Rescue excavations were carried out along the terrace north of Ancient Corinth by Henry Robinson, the director of the Corinth Excavations, and the American School of Classical Studies at Athens on behalf of the Greek Archaeological Service, in 1961 and 1962. They revealed 70 tile graves, limestone sarcophagi, and cremation burials (the last are rare in Corinth before the Julian colony), and seven chamber tombs (also rare before the Roman period). The burials ranged in date from the 5th century B.C. to the 6th century A.D., and about 240 skeletons were preserved for study. This volume publishes the results of these excavations and examines the evidence for changing burial practices in the Greek city, Roman colony, and Christian town. Documented are single graves and deposits, the Robinson “Painted Tomb,” two more hypogea, and four built chamber tombs. Ethne Barnes describes the human skeletal remains, and David Reese discusses the animal bones found in the North Terrace tombs. The author further explores the architecture of the chamber tombs as well as cemeteries, burial practices, and funeral customs in ancient Corinth. One appendix addresses a Roman chamber tomb at nearby Hexamilia, excavated in 1937; the second, by David Jordan, the lead tablets from a chamber tomb and its well. Concordances, grave index numbers, Corinth inventory numbers, and indexes follow. This study will be of interest to classicists, historians of several periods, and scholars studying early Christianity.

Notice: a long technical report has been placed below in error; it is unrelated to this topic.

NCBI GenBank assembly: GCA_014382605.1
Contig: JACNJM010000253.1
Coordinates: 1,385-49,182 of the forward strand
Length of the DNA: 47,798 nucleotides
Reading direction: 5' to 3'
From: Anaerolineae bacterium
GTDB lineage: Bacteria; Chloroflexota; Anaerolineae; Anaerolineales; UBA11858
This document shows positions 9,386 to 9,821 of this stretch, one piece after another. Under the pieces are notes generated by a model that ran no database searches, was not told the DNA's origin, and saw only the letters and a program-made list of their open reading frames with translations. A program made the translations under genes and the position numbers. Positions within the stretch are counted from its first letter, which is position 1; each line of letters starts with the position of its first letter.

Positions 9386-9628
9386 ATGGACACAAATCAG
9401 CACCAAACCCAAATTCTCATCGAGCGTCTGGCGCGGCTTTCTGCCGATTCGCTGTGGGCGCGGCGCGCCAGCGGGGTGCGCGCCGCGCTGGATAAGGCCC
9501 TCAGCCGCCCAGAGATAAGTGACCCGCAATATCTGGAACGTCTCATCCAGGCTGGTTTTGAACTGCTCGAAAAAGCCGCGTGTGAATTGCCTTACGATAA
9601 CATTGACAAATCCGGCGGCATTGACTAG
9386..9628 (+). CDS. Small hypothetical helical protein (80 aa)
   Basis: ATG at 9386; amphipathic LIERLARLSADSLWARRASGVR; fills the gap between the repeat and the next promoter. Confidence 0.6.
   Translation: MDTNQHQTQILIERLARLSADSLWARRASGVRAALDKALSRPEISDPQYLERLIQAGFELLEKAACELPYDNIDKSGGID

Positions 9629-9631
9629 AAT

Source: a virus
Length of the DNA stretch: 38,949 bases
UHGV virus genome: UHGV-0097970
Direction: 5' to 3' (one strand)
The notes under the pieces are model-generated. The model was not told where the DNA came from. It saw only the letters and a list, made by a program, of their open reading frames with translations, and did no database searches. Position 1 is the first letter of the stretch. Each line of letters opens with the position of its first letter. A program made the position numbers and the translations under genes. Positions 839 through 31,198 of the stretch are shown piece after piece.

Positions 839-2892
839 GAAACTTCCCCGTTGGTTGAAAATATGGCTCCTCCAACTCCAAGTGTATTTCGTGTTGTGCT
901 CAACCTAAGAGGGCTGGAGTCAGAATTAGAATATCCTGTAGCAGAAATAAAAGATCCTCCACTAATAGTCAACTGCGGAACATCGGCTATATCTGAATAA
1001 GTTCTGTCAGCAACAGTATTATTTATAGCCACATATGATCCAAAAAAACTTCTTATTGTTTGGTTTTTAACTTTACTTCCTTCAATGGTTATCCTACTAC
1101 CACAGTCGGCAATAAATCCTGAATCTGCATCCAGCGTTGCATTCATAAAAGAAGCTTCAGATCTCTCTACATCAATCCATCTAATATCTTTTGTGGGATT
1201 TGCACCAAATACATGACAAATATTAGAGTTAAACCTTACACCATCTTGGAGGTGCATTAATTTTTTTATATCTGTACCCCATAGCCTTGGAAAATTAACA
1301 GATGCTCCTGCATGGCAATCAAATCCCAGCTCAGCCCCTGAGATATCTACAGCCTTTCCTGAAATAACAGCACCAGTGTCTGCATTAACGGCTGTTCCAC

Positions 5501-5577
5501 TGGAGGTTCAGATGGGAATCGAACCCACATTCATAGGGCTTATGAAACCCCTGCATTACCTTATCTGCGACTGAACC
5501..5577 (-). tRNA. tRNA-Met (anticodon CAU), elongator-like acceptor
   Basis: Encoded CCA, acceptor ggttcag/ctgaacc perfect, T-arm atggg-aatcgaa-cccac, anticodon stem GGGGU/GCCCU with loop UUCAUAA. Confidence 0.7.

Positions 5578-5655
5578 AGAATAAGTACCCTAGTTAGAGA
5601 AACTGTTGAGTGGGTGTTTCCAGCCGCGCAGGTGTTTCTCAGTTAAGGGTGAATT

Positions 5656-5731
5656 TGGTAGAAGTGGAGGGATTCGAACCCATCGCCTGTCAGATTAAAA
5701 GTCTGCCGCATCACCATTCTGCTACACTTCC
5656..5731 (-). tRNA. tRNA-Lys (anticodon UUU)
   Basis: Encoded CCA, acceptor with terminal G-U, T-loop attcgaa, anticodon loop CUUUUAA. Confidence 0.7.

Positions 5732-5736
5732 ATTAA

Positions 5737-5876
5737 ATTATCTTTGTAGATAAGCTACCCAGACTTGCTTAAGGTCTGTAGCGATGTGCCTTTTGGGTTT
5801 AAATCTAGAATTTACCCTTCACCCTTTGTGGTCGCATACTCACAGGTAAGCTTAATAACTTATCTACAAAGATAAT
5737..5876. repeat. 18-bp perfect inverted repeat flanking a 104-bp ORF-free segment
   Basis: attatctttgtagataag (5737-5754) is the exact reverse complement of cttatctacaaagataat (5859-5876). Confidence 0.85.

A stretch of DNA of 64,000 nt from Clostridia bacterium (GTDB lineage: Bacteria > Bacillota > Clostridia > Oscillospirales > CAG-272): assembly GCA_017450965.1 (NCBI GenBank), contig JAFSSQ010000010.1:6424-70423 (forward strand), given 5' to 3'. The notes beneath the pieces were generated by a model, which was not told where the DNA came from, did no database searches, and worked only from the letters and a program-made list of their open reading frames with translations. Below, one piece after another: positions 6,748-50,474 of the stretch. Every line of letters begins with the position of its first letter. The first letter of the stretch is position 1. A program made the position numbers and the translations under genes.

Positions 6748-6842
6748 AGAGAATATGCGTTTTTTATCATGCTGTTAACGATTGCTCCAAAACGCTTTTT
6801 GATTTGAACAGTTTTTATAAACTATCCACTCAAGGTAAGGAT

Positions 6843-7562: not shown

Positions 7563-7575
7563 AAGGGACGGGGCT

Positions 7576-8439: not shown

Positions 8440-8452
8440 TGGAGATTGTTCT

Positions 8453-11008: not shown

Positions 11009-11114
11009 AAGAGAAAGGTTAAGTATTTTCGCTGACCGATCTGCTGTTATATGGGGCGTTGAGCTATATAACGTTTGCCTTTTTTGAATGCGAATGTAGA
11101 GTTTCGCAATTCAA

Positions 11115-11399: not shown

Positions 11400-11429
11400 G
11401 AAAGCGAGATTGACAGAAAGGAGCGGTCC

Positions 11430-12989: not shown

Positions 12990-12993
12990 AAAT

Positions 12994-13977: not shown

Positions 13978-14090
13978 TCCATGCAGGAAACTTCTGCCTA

About the Author: Kathleen Warner Slane is Professor Emerita of Art History and Archaeology at the University of Missouri-Columbia.
"Slane's systematic study provides fresh insights into the changing burial practices at Corinth from the fifth century BC to the sixth century AD, while offering a well-illustrated piece of research with informative maps, plans, drawings, and plates." Chrysanthi Gallou, The Classical Review 68 (2018)
"This volume will be particularly valuable for scholars interested in an important body of new evidence for burial ritual in a prominent Roman colony. The book is a needed contribution to ongoing scholarly re-evaluation of Roman and Late Roman burial practice at several cemeteries across the northeastern Peloponnese. It will also serve as an essential reference for those working on Roman provincial mortuary behaviors generally, due especially to the thoughtful documentation of architectural comparanda. . . . Students and established scholars alike will benefit from the opportunity to work through an exemplary treatment of the explanatory potentialities of legacy data." Melissa G. Morison, AJA 123.1 (2019)
"[Slane] aptly makes clear what fruits can be harvested from a comprehensive (re)study of older excavations . . . and has delivered an interesting and important volume on one of the more profound and intimate aspects of (past) human behavior. . . ." Philip Bes, Journal of Greek Archaeology 3 (2018), pp. 498-502